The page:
Training will be held for two days. The facilitator will use PHAST (participatory hygiene and sanitation transformation), ABCD (asset-based community development), CTC (child to child), lectures, group discussions, and handouts to teach health topics and ways to promote good practices within the school. The CTC method will prepare students to lead other students into healthy habits, as well as kickstart a CTC club for the school. This CTC club will oversee the new facilities, such as hand-washing stations, and make sure they are kept clean and in working condition. The two hand-washing stations will be delivered to the school, and the club will fill them with water on a daily basis and make sure there is always a cleaning agent such as soap or ash.

Plans: VIP Latrines

Two triple-door latrines will be constructed with local materials that the school will help gather. Three doors will serve the girls while the other three serve the boys. And with a new source of water on school grounds, students and staff should have enough to keep these new latrines clean.

Plans: Rainwater Catchment Tank

A 50,000-liter rainwater catchment tank will help alleviate the water crisis at this school. The school will also help gather the needed materials such as sand, rocks, and water from the spring for mixing cement. Once finished, this tank can begin catching rainfall that will be used by the school’s students and staff. Students will no longer have to leave their school in search of water.

We and the school strongly believe that with this assistance, standards will significantly improve. These higher standards will translate to better academic performance!

Project Updates

October, 2018: A Year Later: Emurembe Primary School

A year ago, generous donors helped construct a rainwater catchment tank for Emurembe Primary School in Kenya. The contributions of incredible monthly donors and others giving directly to The Water Promise allow teams to visit project sites throughout the year, strengthening relationships with communities and evaluating the water project over time. These consistent visits allow us to learn vital lessons and hear amazing stories. Read more...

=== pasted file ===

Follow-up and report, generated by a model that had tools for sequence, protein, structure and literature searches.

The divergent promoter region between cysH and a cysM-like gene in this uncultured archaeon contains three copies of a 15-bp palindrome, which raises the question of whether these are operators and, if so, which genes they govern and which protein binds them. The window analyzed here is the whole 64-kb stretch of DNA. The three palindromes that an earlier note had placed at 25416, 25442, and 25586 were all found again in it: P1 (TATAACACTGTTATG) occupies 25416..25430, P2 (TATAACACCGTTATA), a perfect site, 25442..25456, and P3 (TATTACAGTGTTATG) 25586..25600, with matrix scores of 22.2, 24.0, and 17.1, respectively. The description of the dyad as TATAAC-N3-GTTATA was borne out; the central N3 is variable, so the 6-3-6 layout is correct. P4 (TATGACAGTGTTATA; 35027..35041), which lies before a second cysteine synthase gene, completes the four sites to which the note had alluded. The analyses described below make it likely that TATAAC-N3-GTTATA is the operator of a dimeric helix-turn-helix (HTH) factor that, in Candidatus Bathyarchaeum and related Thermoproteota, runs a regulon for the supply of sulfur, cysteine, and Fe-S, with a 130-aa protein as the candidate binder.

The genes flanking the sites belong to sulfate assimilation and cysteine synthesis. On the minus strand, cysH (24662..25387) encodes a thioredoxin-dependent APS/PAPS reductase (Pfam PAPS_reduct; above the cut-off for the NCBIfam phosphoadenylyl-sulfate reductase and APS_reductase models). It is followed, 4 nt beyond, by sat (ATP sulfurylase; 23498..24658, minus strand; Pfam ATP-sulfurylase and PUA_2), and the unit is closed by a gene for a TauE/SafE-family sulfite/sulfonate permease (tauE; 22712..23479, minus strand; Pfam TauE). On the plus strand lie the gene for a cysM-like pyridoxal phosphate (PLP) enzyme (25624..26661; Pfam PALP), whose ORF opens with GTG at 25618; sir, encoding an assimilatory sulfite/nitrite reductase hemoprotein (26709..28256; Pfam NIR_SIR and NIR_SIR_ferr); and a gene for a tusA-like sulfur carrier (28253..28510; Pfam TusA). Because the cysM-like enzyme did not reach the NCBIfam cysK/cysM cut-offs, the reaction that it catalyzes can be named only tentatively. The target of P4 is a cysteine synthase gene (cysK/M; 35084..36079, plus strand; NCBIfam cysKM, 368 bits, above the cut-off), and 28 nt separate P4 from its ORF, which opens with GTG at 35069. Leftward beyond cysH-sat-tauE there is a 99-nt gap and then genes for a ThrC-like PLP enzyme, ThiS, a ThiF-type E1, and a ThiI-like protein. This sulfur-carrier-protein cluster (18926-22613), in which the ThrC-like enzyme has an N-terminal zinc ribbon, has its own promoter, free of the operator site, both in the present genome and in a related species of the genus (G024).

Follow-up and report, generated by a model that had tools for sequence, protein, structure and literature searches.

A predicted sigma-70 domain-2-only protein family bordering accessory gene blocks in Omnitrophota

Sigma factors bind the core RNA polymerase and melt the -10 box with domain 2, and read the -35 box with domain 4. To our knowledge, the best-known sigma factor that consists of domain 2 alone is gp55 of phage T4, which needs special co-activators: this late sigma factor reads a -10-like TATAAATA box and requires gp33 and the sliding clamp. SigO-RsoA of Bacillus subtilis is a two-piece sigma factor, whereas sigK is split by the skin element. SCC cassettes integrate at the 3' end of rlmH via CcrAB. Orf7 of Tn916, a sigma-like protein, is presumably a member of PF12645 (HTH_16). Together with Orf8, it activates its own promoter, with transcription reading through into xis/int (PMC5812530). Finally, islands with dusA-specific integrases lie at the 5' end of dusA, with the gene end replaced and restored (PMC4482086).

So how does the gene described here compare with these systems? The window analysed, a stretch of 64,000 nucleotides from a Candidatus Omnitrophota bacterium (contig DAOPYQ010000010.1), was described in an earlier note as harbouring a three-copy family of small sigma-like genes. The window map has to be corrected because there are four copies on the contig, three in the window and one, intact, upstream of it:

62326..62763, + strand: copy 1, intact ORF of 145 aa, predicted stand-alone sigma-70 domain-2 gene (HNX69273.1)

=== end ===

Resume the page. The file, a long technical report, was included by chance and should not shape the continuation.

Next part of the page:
October, 2017: Emurembe Primary School Project Complete

Emurembe Primary School in Kenya now has a new source of safe, clean water thanks to your generous donation. A new rainwater catchment system has been built, and there are now six new latrines being used. Two hand-washing stations have been installed, and students have received training in sanitation and hygiene. Just imagine the difference these resources will make in the lives of these children!

You made it happen, now help keep the water flowing! Join our team of monthly donors and help us maintain this rainwater catchment tank and many other projects.

The report below from our partner gives the latest details of the project. We also just updated the project page with new pictures.

Project Result: New Knowledge

We worked with the headteacher to invite a group of students, teachers, and parents to attend hygiene and sanitation training. Student representatives who exhibit strong leadership among their peers were selected to attend. There was a total of 24 participants who gathered in the fourth grade classroom ready to learn.

2 kenya4668 training

We taught an entire lesson on management and maintenance of the new tank and latrine facilities. Regular checking and cleaning of the gutter system is a must! It’s also important to treat the water while it is still in the tank. We also covered topics including but not limited to:

– Water pollution and water treatment

– Personal and environmental hygiene

– Group dynamics, leadership, and governance

– Forming an effective CTC (child to child) club

– Hand-washing